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Law School debates historic patent reform

In reaction to Congress passing the historic Patent Reform Act on Sept. 16, the School of Law is hosting a pair of symposiums this week. They will debate the jurisdiction and implications of patent law and intellectual property rights. The reform act is considered to be the biggest overhaul of patent law in nearly 60 years.

Beginning at 6 p.m. on Thursday, Oct. 13 at the Law School’s E.E. Tom Thompson Courtroom, the Joseph Cohen Lecture Fund will present “Do Gene Patents Kill? The Controversy Surrounding DNA Patenting,” a forum about the morality of gene patents.

Some legal commentators believe gene patents provide funding incentives for medical research, but others contend that intellectual property rights should not govern the subject.

Daniel B. Ravicher and Hans Sauer will debate the topic at the forum.

As executive director of the Public Patent Foundation, Ravicher recently joined the American Civil Liberties Union (ACLU) to file a lawsuit that would invalidate thousands of gene patents issued by the Patent Office. He was also named one of the 50 Most Influential People in IP by Managing Intellectual Property magazine.

In opposition, Sauer is deputy general counsel for Intellectual Property for the Biotechnology Industry Organization, which maintains its support for gene patents, as incentives for researchers and investors.

On Friday, Oct. 14, the School of Law will shift its analytical focus to the general effect of the Patent Reform Act at the symposium “Fueling Innovation: Hot Topics in Patent Law and Policy,” from 8 a.m. to 2:30 p.m. at the Thompson Courtroom.

Speakers include Christal Sheppard, who worked as counsel for the U.S. House Judiciary Committee on the patent reform legislation. Mark Rohrbaugh, from the NIH Office of Technology Transfer, will also attend, along with other leading figures, including Judge Nanette Laughrey of the Western District of Missouri.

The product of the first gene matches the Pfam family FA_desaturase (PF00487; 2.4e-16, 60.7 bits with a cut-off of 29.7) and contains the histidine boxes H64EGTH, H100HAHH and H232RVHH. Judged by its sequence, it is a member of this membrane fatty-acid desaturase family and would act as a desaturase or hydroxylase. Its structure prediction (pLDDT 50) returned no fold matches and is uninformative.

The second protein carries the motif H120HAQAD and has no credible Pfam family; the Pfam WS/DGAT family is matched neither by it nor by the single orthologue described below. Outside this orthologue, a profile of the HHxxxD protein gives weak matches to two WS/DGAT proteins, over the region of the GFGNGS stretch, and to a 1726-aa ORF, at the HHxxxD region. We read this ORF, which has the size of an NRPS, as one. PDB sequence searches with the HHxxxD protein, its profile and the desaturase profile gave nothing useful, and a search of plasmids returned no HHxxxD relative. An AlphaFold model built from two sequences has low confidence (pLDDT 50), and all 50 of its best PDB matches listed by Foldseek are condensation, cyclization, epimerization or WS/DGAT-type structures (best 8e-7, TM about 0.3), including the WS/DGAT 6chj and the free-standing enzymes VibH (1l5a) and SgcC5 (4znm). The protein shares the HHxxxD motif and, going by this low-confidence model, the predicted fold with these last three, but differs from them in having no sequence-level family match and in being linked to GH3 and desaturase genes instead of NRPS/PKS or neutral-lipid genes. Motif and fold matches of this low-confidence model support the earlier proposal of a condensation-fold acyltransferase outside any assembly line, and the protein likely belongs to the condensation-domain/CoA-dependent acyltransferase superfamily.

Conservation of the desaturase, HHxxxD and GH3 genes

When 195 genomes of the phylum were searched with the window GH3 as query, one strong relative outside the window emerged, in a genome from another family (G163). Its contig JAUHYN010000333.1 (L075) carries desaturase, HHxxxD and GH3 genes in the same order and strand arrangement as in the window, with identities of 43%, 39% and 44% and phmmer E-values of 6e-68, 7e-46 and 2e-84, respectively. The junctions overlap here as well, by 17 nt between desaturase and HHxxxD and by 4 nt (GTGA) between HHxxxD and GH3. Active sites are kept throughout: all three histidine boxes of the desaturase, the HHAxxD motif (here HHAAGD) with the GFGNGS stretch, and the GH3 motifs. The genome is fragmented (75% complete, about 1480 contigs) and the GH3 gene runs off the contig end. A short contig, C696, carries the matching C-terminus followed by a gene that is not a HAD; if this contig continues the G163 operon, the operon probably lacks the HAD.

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  1. “the School of Law is hosting a pair of symposiums this week”

    You should include some inventors and other in the system stakeholders. Please contact us as below.

    They should have called the bill the America STOPS Inventing Act or ASIA, because that’s where it is sending all our jobs.

    “This is not a patent reform bill” Senator Maria Cantwell (D-WA) complained, despite other democrats praising the overhaul. “This is a big corporation patent giveaway that tramples on the right of small inventors.”

    “patent reform”

    Senator Cantwell is right. Just because they call it “reform” doesn’t mean it is. The agents of banks, huge multinationals, and China are at it again trying to brain wash and bankrupt America.

    The patent bill is nothing less than another monumental federal giveaway for banks, huge multinationals, and China and an off shoring job killing nightmare for America. Even the leading patent expert in China has stated the bill will help them steal our inventions. Who are the supporters of this bill working for??

    Patent reform is a fraud on America. This bill will not do what they claim it will. What it will do is help large multinational corporations maintain their monopolies by robbing and killing their small entity and startup competitors (so it will do exactly what the large multinationals paid for) and with them the jobs they would have created. The bill will make it harder and more expensive for small firms to get and enforce their patents. Without patents we cant get funded. Yet small entities create the lion’s share of new jobs. According to recent studies by the Kauffman Foundation and economists at the U.S. Census Bureau, “startups aren’t everything when it comes to job growth. They’re the only thing.” This bill is a wholesale slaughter of US jobs. Those wishing to help fight this bill should contact us as below.

    Small entities and inventors have been given far too little voice on this bill when one considers that they rely far more heavily on the patent system than do large firms who can control their markets by their size alone. The smaller the firm, the more they rely on patents -especially startups and individual inventors. Congress tinkering with patent law while gagging inventors is like a surgeon operating before examining the patient.

    Please see for a different/opposing view on patent reform.


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